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MLB pulls plug on two teams
ROSEMONT, Ill. -- Without pinpointing which ones, baseball owners voted Tuesday to eliminate two teams before the start of next season. They also said they wouldn't lock out players when the labor contract expires this week.
The Montreal Expos, Minnesota Twins and Florida Marlins recently have been mentioned as the likeliest candidates, while Oakland and Tampa Bay were discussed earlier this year.
"It makes no sense for major league baseball to be in markets that generate insufficient local revenues to justify the investment in the franchise," commissioner Bud Selig said. "The teams to be contracted have a long record of failing to generate enough revenues to operate a viable major league franchise."
Baseball's decision reverses nearly a half-century of expansion during which the major leagues grew from 16 teams in 1960 to 30 since 1998, when Arizona and Tampa Bay were added.
This would be the first contraction by major league baseball since the National League shrank from 12 teams to eight following the 1899 season. No major league team has moved since the Washington Senators became the Texas Rangers in 1972.
The action by the owners came two days after the World Series culminated in Arizona's thrilling Game 7 victory over the New York Yankees, baseball's most-watched game in 10 years.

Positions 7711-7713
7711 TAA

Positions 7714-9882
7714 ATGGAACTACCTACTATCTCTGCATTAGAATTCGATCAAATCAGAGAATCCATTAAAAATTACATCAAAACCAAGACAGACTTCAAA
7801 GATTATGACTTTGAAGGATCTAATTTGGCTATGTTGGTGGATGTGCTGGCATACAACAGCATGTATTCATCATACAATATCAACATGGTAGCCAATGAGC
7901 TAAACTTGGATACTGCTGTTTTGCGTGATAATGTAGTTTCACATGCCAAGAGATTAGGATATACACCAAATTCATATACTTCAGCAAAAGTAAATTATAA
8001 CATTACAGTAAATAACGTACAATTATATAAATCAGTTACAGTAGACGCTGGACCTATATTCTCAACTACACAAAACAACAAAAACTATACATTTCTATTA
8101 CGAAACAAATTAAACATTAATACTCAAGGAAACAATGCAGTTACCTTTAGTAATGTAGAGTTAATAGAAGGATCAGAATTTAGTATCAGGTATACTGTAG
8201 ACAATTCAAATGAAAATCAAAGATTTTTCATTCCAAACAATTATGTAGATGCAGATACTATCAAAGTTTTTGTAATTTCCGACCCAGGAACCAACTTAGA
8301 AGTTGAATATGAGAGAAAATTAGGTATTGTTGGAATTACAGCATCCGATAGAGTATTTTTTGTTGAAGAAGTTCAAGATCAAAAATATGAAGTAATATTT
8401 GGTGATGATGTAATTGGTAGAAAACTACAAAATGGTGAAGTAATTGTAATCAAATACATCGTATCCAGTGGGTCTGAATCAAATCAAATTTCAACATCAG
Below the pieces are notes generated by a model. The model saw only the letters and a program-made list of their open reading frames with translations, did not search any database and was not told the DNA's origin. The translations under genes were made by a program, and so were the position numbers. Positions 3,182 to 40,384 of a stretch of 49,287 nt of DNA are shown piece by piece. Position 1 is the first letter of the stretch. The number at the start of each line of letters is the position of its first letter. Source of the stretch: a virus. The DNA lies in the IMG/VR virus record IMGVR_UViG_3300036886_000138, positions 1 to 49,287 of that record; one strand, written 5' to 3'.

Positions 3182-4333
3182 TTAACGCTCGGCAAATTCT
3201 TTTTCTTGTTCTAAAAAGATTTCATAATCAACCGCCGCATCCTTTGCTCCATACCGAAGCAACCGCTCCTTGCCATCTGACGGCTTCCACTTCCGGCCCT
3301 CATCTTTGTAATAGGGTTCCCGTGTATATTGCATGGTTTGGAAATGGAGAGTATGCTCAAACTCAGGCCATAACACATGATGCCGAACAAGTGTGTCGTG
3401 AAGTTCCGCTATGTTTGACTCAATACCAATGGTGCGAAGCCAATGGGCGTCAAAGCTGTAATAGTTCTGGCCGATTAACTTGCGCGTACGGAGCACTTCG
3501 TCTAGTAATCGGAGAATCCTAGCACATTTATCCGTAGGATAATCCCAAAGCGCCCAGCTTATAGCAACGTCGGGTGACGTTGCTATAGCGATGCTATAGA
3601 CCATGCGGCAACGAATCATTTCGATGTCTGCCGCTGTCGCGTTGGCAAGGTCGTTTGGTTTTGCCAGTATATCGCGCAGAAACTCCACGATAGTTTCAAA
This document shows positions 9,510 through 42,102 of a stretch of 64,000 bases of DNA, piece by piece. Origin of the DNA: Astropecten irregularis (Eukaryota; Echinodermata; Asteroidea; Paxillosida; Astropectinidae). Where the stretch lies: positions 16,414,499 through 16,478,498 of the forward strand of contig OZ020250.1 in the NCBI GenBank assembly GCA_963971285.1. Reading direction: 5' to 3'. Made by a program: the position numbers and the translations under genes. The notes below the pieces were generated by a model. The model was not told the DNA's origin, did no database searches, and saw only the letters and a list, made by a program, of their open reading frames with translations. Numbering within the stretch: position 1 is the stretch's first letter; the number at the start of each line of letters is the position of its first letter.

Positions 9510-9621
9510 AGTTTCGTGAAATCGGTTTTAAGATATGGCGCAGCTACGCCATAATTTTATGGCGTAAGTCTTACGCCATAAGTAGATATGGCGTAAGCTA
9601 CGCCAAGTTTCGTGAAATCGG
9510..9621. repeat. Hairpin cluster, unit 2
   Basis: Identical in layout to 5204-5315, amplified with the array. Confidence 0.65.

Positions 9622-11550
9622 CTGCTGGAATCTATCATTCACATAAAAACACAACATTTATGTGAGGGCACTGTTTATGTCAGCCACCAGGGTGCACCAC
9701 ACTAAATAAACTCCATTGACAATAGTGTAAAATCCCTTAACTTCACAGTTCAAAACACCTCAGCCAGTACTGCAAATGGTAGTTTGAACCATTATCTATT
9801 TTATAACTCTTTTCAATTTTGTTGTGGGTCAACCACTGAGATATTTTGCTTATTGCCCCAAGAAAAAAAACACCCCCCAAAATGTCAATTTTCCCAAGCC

The players' association called the decision "most imprudent and unfortunate."
"Over this last season, and, especially, over the last several weeks, we have been reminded, vividly, of the special place baseball holds in America," union head Donald Fehr said. "This makes it all the more unfortunate that the clubs would choose this moment to dash the hopes of so many of its fans.
"And, of course, this is the worst manner in which to begin the process of negotiating a new collective bargaining agreement. We had hoped that we were in a new era, one that would see a much better relationship between players and owners. Today's announcement is a severe blow to such hopes."
In addition to not locking out players, owners said they wouldn't freeze player signings when the labor pact expires Wednesday.
Baseball has undergone eight work stoppages since 1972, including a 232-day strike that wiped out the 1994 World Series, and some owners are pressing for concessions from the players' association, which could trigger another stoppage.
The union could become an obstacle by fighting to protect the 80 major league roster spots on the two teams and the hundreds more in each minor league system.
Owners said they have the right to eliminate teams without the union but conceded they must negotiate the specifics of how to disperse the players on eliminated teams to the remaining 28 major leagues clubs. Selig declined to say if there was a chance teams wouldn't be eliminated before the new season starts.
"We have every intention of doing it," he said.
But Fehr said: "This decision has been made unilaterally, without any attempt to negotiate with the players, apparently without any serious consideration of other options, including relocation, and seemingly with little concern for the interests of the fans.
"We consider this action to be inconsistent with the law, our contract, and perhaps most important, the long-term welfare of the sport," he said.